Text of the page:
“River” is one definition of shibboleth.
Only those who pronounce it right can cross the river to refuge.
To speak it is to show who you are.
Euphemism might be a means of survival.
Remind me? Is there another word for “river”?
In ancient Greek vase painting, the Gorgon alone looks out with both her eyes. All other figures, heroes and gods and goddesses are painted in profile. Her gaze is the gaze of the one so real she is unreal, for this is what to see her with your own eyes does to you, not merely to become stone, but to be alive as a stone would be alive: insensate, merest appetite, dead to all but the merest hunger, merest sense, to see without looking, to hear without listening, a human that is left by her gaze not human.
It is shameless. She looks out at us as one from another world whose gaze breaks the boundary the keeps monstrous forces at bay. Sometimes our survival depends on this sense of shame by which we know to look away.
In class, the difficulty of Celan’s poems, discussing.
Sometimes the transitive verbs speaks more truly when forced into becoming intransitive.
Only then do we feel the grasping within it, when it cannot reach the object it pursues, when sense is an approach but not an arrival.
Only then do we sense the shibboleth of our own speaking, when we feel we might be doing it wrong, this thing we do all the time, talking, thinking, writing grocery lists, writing poems. Or is it we learn to speak, to write so that no one who reads the poem knows exactly how to say the words in it, and so that “you” brought up from shade into substance can live there in that field with the fieldmouse and be safe from the approach of any other but the one who says “I.” Or is even that too much, and even I can’t know how to say the words of the poem, even those of the poem I wrote. Aren’t I the one who is the danger, plowing the blank field with my head searching for the home I wreck by finding it. Or am I just one of the dangers, among many. Or is my refuge only found in that “you” whose only refuge is the poem.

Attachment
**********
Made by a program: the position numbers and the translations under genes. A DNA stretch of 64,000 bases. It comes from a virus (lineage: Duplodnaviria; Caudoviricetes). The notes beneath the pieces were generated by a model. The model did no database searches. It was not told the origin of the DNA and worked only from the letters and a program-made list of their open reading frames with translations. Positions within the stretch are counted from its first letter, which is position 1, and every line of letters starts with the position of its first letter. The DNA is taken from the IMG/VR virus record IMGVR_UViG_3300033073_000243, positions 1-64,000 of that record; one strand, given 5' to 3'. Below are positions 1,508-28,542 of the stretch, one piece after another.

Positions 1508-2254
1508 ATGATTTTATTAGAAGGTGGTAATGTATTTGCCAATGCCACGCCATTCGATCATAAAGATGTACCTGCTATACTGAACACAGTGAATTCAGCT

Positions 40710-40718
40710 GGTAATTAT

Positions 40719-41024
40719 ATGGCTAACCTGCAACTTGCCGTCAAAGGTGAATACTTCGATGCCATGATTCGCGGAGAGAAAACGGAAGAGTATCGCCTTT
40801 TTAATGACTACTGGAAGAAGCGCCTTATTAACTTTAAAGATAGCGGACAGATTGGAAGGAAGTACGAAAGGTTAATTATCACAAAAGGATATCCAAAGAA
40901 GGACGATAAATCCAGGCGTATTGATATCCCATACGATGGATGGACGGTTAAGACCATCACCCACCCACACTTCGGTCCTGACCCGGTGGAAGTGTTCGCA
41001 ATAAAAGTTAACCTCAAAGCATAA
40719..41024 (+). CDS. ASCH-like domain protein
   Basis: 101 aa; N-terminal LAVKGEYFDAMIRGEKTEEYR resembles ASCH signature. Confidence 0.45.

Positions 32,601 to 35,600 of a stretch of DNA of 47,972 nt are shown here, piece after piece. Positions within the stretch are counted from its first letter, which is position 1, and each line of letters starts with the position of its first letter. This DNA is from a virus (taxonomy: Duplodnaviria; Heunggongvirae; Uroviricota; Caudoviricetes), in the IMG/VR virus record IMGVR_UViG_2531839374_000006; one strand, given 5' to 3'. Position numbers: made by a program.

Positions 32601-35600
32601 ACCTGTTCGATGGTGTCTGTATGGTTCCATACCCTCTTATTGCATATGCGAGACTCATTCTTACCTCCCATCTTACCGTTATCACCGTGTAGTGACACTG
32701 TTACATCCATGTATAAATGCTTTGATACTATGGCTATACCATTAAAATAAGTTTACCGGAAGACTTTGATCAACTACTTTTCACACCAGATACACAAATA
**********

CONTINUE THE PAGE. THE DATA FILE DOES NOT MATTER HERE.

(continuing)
I guess I don’t know.
All these questions that end in periods.
What we say to others we also say to ourselves. We hear the words we say; it can be no other way.
Pure shibboleth of the crippled boy saying over and again mass-klo, matisklo mass-klo matisklo. Maybe the word meant nothing at all, had no referent, not signification, he just wanted someone to tell him if he was saying it right, if he could be let in, deep inside the word, cross the river of its utterance, where alone he might be safe from death. Mass-klo. Matisklo.
Every day I say thousands of words. So do you. O Gorgon, turn your head aside. Each one of them goes:
Sibboleth sibboleth sibboleth
Dan Beachy-Quick is the author, most recently, of the poetry collection Arrows (Tupelo Press, 2020) and a translation of Ancient Greek lyric poetry, Stone-Garland (Milkweed Editions, 2020). His other poetry collections include gentlessness (Tupelo, 2015); North True South Bright (2003); Spell (2004); Mulberry (2006), a finalist for the Los Angeles Times Book Award for poetry; This Nest, Swift Passerine (2009); and Circle’s Apprentice (2011). He is also the author of A Whaler’s Dictionary (2008), a collection of linked essays responding to Herman Melville’s Moby Dick. His work has been supported by the Monfort, Lannan, and Guggenheim Foundations. He teaches at Colorado State University, where he is a University Distinguished Teaching Scholar. (updated 4/2022)